A ten-year-old patient presents in the clinic with soft-tissue swelling around the left eye. The parent reports that the child has had a cold with copious amounts of nasal drainage for approximately a week. The parent thought the child was getting better, but this morning the child awoke with a red eye and a fever of 102.1°F. The child has no complaint of headache, vomiting or visual disturbances.
Describe how the FNP would clinically manage and follow up this patient. List the pharmacological and non-pharmacological interventions. Describe how the treatment plan might be different for a 35-year-old patient as well as a 65+ year old patient.
When a patient exhibits soft tissue swelling around the left eye, along with concomitant eye redness and fever, and there has been nasal discharge for a week due to a cold, the patient may be experiencing conjunctival chemosis.
What is Conjunctival chemosis?
Conjunctival chemosis is a medical disorder that typically results from an allergy or cold. It causes positive eye inflammation or edema, mainly in the patient’s conjunctiva (Azari & Arabi, 2020). Conjunctival chemosis or excessive rubbing of the eyes can also result from other eye illnesses including viral or bacterial conjunctivitis and irritate your eyes. Conjunctival chemosis, or the presence of extra fluid in the conjunctival interstitium, can be brought on by a number of circumstances, such as exposure, trauma, infection, allergies, blockage of the lymphatic and venous drainage, and inflammation of the conjunctiva and surrounding tissues (Azari & Arabi, 2020).
An essential assessment technique for identifying the reason of conjunctival chemosis is an eye examination in conjunction with a thorough patient history. From there, the doctor may be able to make a diagnosis and adopt the best possible course of action for the patient’s therapy.
The treatment approach includes reducing swelling in the afflicted eye and treating it with antibiotics, eye drops, and antihistamines to prevent complications like cellulitis, encephalitis, or even meningitis which might be fatal for the patient. These drugs are a component of the therapy for reducing edema. Inflammatory episodes can be reduced by treating the underlying causes, such as the cold and other allergies (Kwong & Joshi, 2020).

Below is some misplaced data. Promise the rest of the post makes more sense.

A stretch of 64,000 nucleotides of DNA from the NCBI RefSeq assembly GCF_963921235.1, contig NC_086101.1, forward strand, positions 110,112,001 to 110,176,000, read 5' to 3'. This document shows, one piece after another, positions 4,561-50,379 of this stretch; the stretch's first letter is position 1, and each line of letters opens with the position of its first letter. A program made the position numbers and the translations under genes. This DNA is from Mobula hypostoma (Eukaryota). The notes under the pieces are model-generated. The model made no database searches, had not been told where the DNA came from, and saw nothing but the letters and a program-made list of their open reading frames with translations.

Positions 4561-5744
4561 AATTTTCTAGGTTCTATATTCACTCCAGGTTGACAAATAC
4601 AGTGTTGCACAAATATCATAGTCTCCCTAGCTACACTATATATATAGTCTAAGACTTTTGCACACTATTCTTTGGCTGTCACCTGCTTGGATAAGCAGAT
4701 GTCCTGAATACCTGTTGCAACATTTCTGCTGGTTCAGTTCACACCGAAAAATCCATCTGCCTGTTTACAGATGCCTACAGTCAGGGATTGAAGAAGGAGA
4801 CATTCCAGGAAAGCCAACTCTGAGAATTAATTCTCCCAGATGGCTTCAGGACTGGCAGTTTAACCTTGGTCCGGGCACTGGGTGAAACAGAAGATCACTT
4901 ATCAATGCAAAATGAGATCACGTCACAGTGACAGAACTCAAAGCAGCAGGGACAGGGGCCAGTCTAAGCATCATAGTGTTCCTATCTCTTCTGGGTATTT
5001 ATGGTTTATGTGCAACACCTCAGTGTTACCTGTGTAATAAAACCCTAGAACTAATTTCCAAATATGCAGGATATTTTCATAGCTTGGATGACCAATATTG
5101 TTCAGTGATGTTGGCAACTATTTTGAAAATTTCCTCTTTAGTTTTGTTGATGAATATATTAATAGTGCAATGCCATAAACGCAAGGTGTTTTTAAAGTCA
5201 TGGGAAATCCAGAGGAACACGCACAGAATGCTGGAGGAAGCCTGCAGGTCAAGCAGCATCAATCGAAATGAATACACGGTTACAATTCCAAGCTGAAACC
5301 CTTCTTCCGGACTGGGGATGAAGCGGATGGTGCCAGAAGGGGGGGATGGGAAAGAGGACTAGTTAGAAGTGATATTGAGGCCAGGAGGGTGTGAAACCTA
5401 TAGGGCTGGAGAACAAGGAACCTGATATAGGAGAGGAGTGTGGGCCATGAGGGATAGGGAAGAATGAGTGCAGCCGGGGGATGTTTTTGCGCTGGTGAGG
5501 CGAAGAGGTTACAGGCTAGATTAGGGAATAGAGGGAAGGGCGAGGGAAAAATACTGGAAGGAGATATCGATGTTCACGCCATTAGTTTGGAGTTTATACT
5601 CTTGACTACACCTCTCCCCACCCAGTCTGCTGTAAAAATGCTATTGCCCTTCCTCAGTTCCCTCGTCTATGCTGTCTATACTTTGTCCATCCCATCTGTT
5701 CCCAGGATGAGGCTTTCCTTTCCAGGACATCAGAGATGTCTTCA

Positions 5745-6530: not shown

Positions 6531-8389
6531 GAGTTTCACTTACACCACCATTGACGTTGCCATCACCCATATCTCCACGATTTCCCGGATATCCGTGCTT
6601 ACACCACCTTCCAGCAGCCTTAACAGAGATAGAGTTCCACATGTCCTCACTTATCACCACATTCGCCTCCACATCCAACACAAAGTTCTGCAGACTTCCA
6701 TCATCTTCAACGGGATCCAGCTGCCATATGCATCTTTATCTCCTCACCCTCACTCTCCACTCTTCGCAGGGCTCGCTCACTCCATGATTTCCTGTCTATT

Artificial tears, saline solution to lower antigen load and inflammation-causing mediators, and cold compresses are examples of non-pharmacologic therapy that may help soothe eye irritation and temporarily reduce redness. Interventions that target one or more phases in the inflammatory response cascade will be required in order to reduce the inflammation that is the underlying cause of conjunctival chemosis symptoms (Kwong & Joshi, 2020). The majority of patients who have active conjunctival chemosis are managed with a combination of non-pharmacologic treatments (such as cold compresses or artificial tears to provide temporary symptomatic relief) and topical pharmacologic drugs (such as a dual-acting antihistamine-mast cell stabilizer agent) to reduce inflammation. Non-pharmacologic treatments include artificial tears and cold compresses.
Treatment plan for conjunctival chemosis does not vary on the basis of age difference but maybe the risk factors causing conjunctival chemosis can be different as per age difference as when the age increases immunity decreases which causes many opportunistic pathogens to cause opportunistic infections which can resemble other infections.
For the last 5 days a 52-year-old male has had a productive cough.
Questions for health history:
1. How would you describe the cough?
2. Is there anything that you notice that makes your cough worst?
3. Is there anything that you notice that makes your cough better?
4. Have you tried any treatments for your cough, and did they work?
5. Is there any pain in your throat and what number 0-10 would you give it?
6. Are you coughing up any sputum?
7. When you start coughing, how long does it last?